Introduction: Oral health has not been a priority in most low to middle income countries, Zambia inclusive despite being among the top ten
global health challenges. There is a need not only to treat but also to put preventive measures in place to reduce the prevalence and future
occurrence of oral diseases.
Objectives: To find out the utilisation patterns, socioeconomic factors that affect the utilisation patterns of dental services, and dental anxiety
levels as well as their effect on utilisation patterns of patients visiting the dental department at Ndola teaching hospital.
Methods: The study design was a quantitative study, to be conducted as a cross-sectional survey, gathering information from patients that
attend the dental department at Ndola teaching hospital. The information was collected through structured interviews using a modified
questionnaire from the World Health Organization (WHO).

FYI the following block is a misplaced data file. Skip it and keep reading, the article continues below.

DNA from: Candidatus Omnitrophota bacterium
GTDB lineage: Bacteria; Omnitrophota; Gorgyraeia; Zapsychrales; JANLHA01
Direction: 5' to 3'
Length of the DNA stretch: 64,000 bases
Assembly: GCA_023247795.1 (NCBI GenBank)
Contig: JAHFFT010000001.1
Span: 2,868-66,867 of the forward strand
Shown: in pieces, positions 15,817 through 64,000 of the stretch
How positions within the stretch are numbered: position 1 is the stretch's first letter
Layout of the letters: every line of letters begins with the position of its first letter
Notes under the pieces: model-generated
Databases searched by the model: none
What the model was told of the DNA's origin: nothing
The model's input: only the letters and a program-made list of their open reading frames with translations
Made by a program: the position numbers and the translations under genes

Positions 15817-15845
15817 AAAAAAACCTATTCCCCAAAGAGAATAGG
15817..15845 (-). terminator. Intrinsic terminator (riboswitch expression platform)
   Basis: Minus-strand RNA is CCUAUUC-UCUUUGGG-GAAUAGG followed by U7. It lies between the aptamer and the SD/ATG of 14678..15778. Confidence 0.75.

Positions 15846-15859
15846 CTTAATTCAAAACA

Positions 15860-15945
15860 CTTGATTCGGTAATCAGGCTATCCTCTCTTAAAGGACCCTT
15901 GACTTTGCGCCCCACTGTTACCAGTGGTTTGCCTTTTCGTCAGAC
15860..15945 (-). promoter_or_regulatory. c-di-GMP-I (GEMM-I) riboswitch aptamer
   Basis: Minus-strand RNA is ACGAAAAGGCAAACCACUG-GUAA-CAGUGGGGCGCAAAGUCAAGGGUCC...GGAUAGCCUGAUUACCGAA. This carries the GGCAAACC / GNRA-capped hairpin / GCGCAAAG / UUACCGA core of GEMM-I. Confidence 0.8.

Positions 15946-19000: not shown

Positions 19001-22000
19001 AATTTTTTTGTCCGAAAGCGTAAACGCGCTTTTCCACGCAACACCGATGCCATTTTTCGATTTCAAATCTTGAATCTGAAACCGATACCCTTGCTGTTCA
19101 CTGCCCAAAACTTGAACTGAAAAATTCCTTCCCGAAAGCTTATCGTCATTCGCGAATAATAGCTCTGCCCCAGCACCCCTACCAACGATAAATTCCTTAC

Results: Among the participants, 2.08% of patients were currently regular attenders, 3.82% were former regular attenders, 94.10%
were never regular attenders and none of the patients were always regular attenders. The time since the last dental visit showed that
31.25% of patients had visited the dentist within a year before the current visit, 12.5% had last visited the dentist within a period of 2 to 5
years prior, 31.25% had visited more than 5 years ago, while 25% had never been to the dentist.
Conclusion: The time since the last dental visit was correlated to both the gender of the patients and the type of insurance policy held by the
patient, while the pattern of dental attendance was not correlated with any of the socioeconomic variables investigated.